Now that that is out of the way, I think the a priori reasoning is that VE helps edits make fewer revert-worthy test edits or mistakes. I'm working on developing a sample to run through Wiki labels so that we can have human eyes look at the edits in order to test this hypothesis -- and others. Let's not get hung up on some tentative conclusion. Let's instead drive forward to know better. I think there is plenty that we don't know and this result -- if it really is real -- is just a teaser that suggests where we might look.
7. I think the critique is fair, but please consider how many varying tests I performed to look for differences in productivity. The p-value can't tell us conclusively that there is no difference, but we can use our own judgement to identify that there is unlikely to be any substantial difference. 20k is a lot of observations. We have large statistical power. If you are someone who is not familiar with the difference between "significant" and "substantial", then I think a solid take-away is that we found no evidence of a difference where we ought to have found a difference if there is one.
--Halfak (WMF) (talk) 16:01, 25 June 2015 (UTC)
On point #7: Sunrise has quoted a summary written by the product manager at w:en:Wikipedia:Village pump (proposals)#Research results, not something that you wrote. Whatamidoing (WMF) (talk) 19:25, 25 June 2015 (UTC)
1. That sounds like it could be a good result in itself!
2. Yes, “at least one” is the threshold I had in mind. That table looks good (it could just be presented as “31.7%” and “29.3%,” maybe with some confidence intervals).
4. Okay, I don’t think this is good. In the summary, there were 9 tests reported under “productivity and survival,” 2 reported under “burden,” and a few more under “ease of editing.” Even if we round that down to 10 tests (and we’re treating the pairs of tests in “productivity and survival” as single tests), that gives a Bonferroni threshold of p<0.005, for which that result is nonsignificant. I’m aware that other corrections aren’t as strict, but this is also with a couple of favorable assumptions. So my own takeaway would be that at minimum it’s much closer to the significance threshold. You don’t have to consider my judgement though – if you haven’t done so, I strongly encourage that you check your study design with a professional statistician.
6. On your first paragraph, I wouldn’t assume differently, and my interest comes from the same sentiment. I also have some interest in the integrity of the VE enabling process since the WMF has lost a lot of trust at enWP. Of course I know you’re not involved in that yourself, and if I decide to oppose the proposal it won’t be a reflection on you in any way. I’m also here because I enjoy analyzing data (though, FYI, it means I tend to focus on criticism, so it’s not intended if I seem overly negative). On the explanation, I agree that that’s reasonable, so I withdraw my criticism in this category. I agree with the sentiment in the second paragraph as well, and I look forward to hearing about the Wiki labels data.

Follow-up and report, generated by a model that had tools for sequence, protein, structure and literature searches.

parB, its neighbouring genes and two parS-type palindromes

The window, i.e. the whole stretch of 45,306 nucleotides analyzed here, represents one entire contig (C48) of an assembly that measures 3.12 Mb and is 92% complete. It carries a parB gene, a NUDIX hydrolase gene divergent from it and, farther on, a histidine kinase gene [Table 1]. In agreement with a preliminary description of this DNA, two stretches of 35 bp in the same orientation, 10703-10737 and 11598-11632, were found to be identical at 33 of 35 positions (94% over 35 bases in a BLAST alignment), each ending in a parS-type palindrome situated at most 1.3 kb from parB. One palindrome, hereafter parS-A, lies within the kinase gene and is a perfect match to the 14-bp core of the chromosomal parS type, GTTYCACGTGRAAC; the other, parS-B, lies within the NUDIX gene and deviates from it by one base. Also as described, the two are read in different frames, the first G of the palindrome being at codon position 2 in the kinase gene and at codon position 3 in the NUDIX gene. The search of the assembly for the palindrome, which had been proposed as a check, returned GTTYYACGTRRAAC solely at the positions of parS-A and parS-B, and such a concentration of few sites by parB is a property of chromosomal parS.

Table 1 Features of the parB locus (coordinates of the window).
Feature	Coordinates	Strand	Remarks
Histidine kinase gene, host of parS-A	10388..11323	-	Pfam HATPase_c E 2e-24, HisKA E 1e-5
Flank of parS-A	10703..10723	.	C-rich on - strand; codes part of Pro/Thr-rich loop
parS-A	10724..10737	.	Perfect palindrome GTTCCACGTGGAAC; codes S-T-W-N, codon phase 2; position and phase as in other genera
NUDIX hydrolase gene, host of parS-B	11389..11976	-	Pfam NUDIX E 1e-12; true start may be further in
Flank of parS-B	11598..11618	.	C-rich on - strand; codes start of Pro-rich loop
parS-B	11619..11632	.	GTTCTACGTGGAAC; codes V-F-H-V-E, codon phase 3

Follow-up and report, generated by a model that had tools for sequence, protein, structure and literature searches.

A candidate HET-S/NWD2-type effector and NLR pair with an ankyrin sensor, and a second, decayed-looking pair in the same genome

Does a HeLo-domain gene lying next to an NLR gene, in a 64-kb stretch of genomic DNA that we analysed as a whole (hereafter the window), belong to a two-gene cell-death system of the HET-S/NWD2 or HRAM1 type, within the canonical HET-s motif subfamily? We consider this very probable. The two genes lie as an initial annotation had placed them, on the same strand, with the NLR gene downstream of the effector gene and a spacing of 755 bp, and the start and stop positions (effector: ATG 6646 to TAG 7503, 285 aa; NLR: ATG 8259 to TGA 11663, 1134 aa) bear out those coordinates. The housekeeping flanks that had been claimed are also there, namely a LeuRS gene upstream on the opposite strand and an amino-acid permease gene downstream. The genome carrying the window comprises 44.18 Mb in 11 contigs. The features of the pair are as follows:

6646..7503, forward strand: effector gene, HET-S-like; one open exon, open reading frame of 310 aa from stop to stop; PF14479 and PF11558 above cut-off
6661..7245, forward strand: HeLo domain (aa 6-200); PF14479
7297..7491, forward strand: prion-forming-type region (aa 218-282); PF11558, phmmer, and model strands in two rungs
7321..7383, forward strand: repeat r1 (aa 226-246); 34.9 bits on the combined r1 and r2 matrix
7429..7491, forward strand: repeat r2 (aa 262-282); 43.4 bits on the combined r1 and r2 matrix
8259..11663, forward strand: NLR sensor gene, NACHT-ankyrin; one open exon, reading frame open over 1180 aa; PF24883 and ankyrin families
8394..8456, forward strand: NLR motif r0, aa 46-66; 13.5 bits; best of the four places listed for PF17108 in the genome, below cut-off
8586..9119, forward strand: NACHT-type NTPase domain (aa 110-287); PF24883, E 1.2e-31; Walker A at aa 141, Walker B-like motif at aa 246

7. I agree with you – I wouldn’t make that critique for the conclusions that you wrote yourself, the points you’ve mentioned being among the reasons. As WhatamIdoing was referring to, this statement was directed primarily at the RfC summary (which e.g. describes the conclusions as independently finding no effect for multiple metrics).
8. To summarize, I’m still concluding that the revert effect probably doesn’t exist, largely because of the multiple testing issue. The other observation that plays a role is that when including both of the tests that were being used in the analysis, one of them is considerably less significant (unless there’s some issue I’m not aware of, like X2 tests being inherently biased towards failing to reject H0. I know some tests work that way.) Of course, I’m open to being convinced, either now or after more data has been gathered.
9. Separately, since you’ve mentioned improvements that trend in the same direction even if they don’t reach significance, I would have been interested in a multivariate regression onto all the variables – i.e. LR test a model containing all (independent) variables relative to null (or an analogous test where correlation between variables is allowed and accounted for). And of course, one useful advantage would be the lack of vulnerability to the multiple testing issue.
Thanks again for the dialogue. Sunrise (talk) 22:26, 25 June 2015 (UTC)

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Hi Sunrise. This is great fun and I appreciate your critique. Without such critique, Science would be doomed to become elaborate bias confirmation. It's good to reason these things out. It seems that we're in clear agreement about this.